The Dog, the Witch and the Wardrobe!

Scotsman Bob Skeldon produces fifty minutes of storytelling and stand-up comedy that achieves a warm atmosphere, with the intimacy of a chat in his living room. However, the content of Skeldon's set, though some gags are very funny and light-hearted, is generally really quite offensive – especially to women – and would make you think that his brand of comedy is a bit old hat.

Skeldon forms his set around the story of an episode in his life in which he and his wife attempted to buy two dogs from a woman they had never previously met; an episode which led to various bizarre happenings. Skeldon, an Edinburgh man, has something of the old-school Protestant upbringing about him and he draws on his Scottishness as the source of many jokes, which are by and large very funny indeed. His explanation of the reasons why he finds open wardrobes terrifying, for example, gets a great deal of laughs from the audience.

But Skeldon's performance has one serious pitfall – the basis of the majority of his jokes is his relationship with his wife, and the repeated assertion that all women are indeed witches. At the early mention of this topic in his show, Skeldon immediately loses the attention of pretty much all of the women in his small audience and near enough half of the men. He even goes as far as to, at one point, make one female member of the audience wear a witch's hat and a pointed rubber nose for the rest of the show, so that she can easily be identified as a witch. Apart from being deeply offensive, the problem with this style of comedy is that it is on its way out. One would expect those kinds of remarks from men performing in The Black and White Minstrel Show, but not from a comedian at the largest arts festival in the world in 2013.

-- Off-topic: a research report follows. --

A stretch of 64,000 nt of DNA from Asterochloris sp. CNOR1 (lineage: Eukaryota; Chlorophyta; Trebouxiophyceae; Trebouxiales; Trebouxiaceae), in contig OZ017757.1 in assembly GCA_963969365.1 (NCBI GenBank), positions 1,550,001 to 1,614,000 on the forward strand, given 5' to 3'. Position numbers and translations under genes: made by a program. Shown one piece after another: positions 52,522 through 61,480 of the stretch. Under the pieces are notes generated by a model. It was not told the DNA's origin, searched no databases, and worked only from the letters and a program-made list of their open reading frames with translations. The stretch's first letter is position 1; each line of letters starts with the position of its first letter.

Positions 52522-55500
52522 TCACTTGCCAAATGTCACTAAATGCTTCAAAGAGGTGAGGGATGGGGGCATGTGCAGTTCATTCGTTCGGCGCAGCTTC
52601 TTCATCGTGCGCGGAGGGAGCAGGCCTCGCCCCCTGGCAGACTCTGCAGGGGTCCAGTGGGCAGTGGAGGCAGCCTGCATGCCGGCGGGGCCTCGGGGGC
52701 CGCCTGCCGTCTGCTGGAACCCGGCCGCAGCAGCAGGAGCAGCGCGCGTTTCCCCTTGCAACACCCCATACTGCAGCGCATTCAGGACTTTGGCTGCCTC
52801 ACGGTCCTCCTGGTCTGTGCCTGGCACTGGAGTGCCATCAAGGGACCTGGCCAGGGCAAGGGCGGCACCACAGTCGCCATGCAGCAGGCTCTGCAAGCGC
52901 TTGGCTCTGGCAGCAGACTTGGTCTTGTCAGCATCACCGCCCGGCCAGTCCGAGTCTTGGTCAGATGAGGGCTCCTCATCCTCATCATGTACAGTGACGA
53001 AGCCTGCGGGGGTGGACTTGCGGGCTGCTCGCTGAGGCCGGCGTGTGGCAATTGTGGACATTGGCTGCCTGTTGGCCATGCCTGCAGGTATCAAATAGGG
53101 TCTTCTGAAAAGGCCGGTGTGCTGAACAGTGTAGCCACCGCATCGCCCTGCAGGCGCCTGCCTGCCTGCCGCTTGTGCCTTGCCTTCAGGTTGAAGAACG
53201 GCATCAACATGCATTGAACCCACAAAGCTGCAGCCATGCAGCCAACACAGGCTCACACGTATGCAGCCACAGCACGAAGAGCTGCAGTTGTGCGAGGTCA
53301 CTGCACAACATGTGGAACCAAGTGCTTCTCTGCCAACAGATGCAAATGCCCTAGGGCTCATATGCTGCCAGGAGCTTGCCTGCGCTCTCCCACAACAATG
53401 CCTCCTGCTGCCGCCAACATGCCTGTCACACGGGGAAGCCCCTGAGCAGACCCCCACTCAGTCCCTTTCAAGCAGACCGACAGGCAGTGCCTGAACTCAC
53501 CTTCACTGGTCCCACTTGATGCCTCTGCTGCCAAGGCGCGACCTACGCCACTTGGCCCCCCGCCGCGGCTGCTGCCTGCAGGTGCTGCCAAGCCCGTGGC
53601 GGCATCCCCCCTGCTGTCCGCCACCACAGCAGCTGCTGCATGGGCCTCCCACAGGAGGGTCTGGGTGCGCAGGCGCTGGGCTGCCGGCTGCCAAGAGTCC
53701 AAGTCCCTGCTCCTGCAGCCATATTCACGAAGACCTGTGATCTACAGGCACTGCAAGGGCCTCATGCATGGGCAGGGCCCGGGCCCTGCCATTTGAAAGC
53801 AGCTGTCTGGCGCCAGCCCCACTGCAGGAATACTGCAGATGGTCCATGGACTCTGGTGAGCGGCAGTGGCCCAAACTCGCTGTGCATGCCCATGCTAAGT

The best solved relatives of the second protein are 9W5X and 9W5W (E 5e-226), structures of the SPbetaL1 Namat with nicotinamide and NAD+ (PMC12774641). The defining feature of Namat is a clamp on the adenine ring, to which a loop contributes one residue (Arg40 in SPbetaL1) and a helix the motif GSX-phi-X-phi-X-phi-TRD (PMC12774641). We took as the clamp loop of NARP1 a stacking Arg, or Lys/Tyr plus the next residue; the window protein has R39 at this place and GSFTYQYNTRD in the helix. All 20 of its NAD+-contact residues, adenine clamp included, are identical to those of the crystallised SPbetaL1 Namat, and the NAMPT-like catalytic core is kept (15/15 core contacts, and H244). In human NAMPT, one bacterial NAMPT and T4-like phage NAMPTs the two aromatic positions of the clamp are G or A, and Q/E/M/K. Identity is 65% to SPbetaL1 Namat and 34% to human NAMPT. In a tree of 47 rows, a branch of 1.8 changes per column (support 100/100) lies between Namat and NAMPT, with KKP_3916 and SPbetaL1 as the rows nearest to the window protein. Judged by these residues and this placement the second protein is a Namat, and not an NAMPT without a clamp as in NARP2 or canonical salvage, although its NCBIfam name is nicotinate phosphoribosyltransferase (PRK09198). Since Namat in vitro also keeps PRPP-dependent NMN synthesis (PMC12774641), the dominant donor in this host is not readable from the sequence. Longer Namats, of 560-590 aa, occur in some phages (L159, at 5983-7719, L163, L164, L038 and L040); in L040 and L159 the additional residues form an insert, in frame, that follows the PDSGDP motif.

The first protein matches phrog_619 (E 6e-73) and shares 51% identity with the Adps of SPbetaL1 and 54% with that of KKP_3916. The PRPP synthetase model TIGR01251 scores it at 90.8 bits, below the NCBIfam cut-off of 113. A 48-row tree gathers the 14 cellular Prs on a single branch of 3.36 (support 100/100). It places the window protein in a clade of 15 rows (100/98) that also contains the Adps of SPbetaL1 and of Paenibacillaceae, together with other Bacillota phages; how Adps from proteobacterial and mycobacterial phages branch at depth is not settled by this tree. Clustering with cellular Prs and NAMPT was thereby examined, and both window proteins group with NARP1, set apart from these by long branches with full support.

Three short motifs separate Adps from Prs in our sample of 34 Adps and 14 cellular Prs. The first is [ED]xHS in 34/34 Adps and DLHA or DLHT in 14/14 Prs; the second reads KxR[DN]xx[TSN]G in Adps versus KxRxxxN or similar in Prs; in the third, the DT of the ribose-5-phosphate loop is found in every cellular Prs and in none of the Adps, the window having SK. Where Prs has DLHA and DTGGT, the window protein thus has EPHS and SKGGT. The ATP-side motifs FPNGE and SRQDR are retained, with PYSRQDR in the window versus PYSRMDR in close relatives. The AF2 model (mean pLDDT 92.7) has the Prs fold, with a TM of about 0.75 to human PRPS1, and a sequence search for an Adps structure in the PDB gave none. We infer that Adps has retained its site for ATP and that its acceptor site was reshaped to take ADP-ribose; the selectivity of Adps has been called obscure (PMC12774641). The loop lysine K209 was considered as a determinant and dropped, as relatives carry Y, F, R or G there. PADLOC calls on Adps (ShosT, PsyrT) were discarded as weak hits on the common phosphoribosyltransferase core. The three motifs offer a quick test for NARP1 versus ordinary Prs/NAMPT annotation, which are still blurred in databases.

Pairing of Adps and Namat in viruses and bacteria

Skeldon ends on a positive and heartfelt note: he will donate a pound to a dog rescue charity for every ticket purchased for his show, because he doesn't want the audience to leave with a negative opinion of rescue dogs. If only he felt so charitably towards women. Bob Skeldon is a funny man, with a warm and engaging manner and the old-fashioned Scots charm of Billy Connelly. But he would do well to bring his jokes forward into the 21st century, or this is the last we will hear from him.

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Performances

The Blurb

Uproarious tale of deceit, missing persons, omnipotent dogs, bewitchment, psychosis, ballroom dancing, dog whispering, dodging bullets and why wardrobe doors should be closed! 'Hilarious ... be sure to seek him out' (Scotsman).

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